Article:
United States District Court, E.D. Michigan, Southern Division
C.H. RACHES, INC., Plaintiff,
GENERAL ALUMINUM MFG. COMPANY, Defendant.
OPINION AND ORDER DENYING PLAINTIFF'S MOTION FOR
SUMMARY JUDGMENT  AND GRANTING DEFENDANT'S MOTION FOR
SUMMARY JUDGMENT 
STEPHEN J. MURPHY, III United States District Judge.
March 2016, Plaintiff C.H. Raches, Inc. ("Raches")
filed a complaint alleging that Defendant General Aluminum
Mfg. Company ("GAMCO") breached the parties'
Representation Agreement ("Representation
Agreement") and violated the Michigan Sales
Representatives Commission Act ("MSRC"), Mich.
Comp. Laws § 600.2961. ECF 1. GAMCO answered the
complaint, and filed a counterclaim alleging that Raches
breached the Representation Agreement. ECF 6.
December 16, 2016, the Court entered a stipulated order
regarding a partial settlement agreement and release. ECF 15.
Relevantly, the parties agreed that Raches's only
remaining claims arose "out of the sale and production
of the Chrysler DT 4x4 and 4x2 Front Lower Control Arm"
("Chrysler DT") and that GAMCO's counterclaim
for breach of contract remained. ECF 15, PgID 105. On March
17, 2017, GAMCO filed its motion for summary judgment. ECF
24. Raches filed its own motion for summary judgment on May
25, 2017. ECF 29. In their cross-motions for summary
judgment, the parties address only Raches's remaining
claim about commissions. ECF 24, 29. As such, the Court
construes their motions as motions for partial summary
judgment. The Court reviewed the briefs and finds that a
hearing is unnecessary. E.D. Mich. LR 5.1(f). For the reasons
set forth below, the Court will deny Raches's motion for
summary judgment and grant GAMCO's motion for summary
produces aluminum castings for automotive and non-automotive
industries. On October 2, 2008, GAMCO and Raches executed a
Representation Agreement. Raches agreed to serve as
GAMCO's external sales representative and to solicit
orders for automotive castings from particular customers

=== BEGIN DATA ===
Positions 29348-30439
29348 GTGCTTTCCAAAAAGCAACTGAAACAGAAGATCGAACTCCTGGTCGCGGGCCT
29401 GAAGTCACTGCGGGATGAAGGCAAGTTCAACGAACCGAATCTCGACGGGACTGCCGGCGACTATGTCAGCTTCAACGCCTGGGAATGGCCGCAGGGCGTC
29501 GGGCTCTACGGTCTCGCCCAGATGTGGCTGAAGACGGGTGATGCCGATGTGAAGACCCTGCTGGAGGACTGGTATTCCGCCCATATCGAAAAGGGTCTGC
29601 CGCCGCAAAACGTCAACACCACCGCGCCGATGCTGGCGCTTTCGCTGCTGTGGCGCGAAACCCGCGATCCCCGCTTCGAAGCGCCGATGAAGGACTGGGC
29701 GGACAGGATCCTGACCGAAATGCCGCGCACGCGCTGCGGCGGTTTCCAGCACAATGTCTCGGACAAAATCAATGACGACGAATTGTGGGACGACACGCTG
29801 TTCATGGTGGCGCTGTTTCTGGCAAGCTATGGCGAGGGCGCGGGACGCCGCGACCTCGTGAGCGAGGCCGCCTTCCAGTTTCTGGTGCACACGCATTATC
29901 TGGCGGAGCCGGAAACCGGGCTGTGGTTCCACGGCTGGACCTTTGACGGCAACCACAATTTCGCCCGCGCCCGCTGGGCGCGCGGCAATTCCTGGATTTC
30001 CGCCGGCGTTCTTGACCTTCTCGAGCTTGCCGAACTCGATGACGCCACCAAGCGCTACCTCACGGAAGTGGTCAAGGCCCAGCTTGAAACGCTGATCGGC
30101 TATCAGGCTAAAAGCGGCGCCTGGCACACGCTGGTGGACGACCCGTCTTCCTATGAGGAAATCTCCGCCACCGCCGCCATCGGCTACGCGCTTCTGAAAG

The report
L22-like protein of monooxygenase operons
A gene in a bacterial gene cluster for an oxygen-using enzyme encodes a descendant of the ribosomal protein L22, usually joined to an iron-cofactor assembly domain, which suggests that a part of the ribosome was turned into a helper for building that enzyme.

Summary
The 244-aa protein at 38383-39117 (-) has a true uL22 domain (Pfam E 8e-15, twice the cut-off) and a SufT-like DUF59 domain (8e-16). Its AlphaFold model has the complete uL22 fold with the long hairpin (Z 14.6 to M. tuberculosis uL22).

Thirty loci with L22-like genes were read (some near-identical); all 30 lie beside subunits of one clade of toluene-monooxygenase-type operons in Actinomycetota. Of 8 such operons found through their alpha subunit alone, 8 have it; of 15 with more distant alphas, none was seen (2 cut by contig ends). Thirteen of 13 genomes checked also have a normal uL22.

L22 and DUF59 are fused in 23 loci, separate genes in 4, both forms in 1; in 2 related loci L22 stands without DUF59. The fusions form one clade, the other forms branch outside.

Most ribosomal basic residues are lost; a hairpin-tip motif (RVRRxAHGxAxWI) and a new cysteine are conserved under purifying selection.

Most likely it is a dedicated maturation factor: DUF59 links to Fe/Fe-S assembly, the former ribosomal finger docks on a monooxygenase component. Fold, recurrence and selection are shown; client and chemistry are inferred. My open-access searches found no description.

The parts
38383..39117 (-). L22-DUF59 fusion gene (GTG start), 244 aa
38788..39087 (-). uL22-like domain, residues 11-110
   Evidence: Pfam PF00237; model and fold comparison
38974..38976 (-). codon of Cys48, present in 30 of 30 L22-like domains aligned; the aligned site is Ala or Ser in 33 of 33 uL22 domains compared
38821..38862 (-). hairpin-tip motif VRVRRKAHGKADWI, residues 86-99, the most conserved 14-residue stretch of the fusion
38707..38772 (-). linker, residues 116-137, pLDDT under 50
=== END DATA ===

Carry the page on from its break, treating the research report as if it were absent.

listed in the Representation Agreement-including ZF
Lemforder. ECF 24, PgID 211. Provision 5(c) of the
Representation Agreement requires that, after no-cause
termination, GAMCO pay commissions due to Raches "on all
newly-created or existing Customer purchase orders arising
out of any long-term arrangements accepted prior to the
effective date of termination[.]" ECF 24, PgID 206. The
parties explain the relevant requirements of 5(c) in the
GAMCO's Interpretation ECF 24, PgID
Raches's Interpretation ECF 29, PgID
1. A customer must issue purchase orders to General
1. Termination of the Agreement occurs without cause;
2. The purchase orders must arise out of a long-term
arrangement between the customer and General
2. The newly created purchase orders arise out of [a]
long-term arrangement; and
3. The long-term arrangement must have been accepted
by General Aluminum before the termination of the
3. The long-term arrangement is accepted by GAMCO
prior to the effective termination date
parties agree that GAMCO owes Raches commissions under the
following conditions: (1) a newly-created or existing
customer purchase order arises from a long-term arrangement
and (2) the long-term arrangement was accepted prior to the
effective date of termination.
2015, pursuant to the Representation Agreement, GAMCO sent
Raches a written notice of termination. The termination
became effective 180 days later on November 4, 2015. In July
2015, before the effective termination date, GAMCO and ZF
Chassis Components ("ZF") entered into a supply
agreement ("Supply Agreement") for a component called
"Chrysler DS." ECF 28, PgID 343; ECF 27-5 (under
seal). Raches contends that the Supply Agreement contained
language indicating that GAMCO accepted a long-term
arrangement with ZF in regards to Chrysler DT. That alleged
long-term arrangement forms the basis of Raches's claim
for post-termination commissions.
parties dispute, therefore, whether GAMCO accepted a
long-term arrangement with ZF prior to November 4, 2015; and,
if so, whether any purchase orders arose from that long-term
arrangement. The Court will address the parties' motions
through that lens.
judgment is warranted "if the movant shows there is no
genuine dispute as to any material fact and the movant is
entitled to judgment as a matter of law." Fed.R.Civ.P.
56(a). A fact is "material" for purposes of summary
judgment if proof of that fact would establish or refute an
essential element of the cause of action or defense.
Kendall v. Hoover Co., 751 F.2d 171, 174
(6th Cir. 1984). A dispute over material facts is
"genuine" "if the evidence is such that a
reasonable jury could return a verdict for the nonmoving
party." Anderson v. Liberty Lobby, Inc., 477
U.S. 242, 248 (1986). To show that a fact is, or is not,
genuinely disputed, both parties are required to either
"cite to particular parts of materials in the
record" or "show that the materials cited do not
establish the absence or presence of a genuine dispute, or
that an adverse party cannot produce admissible evidence to
support the fact." Fed.R.Civ.P. 56(c)(1).
considering cross-motions for summary judgment, a court
"must evaluate each motion on its own merits and view
all facts and inferences in the light most favorable to the
nonmoving party." Westfield Ins. Co. v. Tech Dry,
Inc., 336 F.3d 503, 506 (6th Cir. 2003). When evaluating
cross-motions for summary judgment, courts are not
necessarily required to find that one party wins and the
other party loses. See Park v. LaFace Records, 329
F.3d 437, 444-45 (6th Cir. 2003).
Raches's Motion ...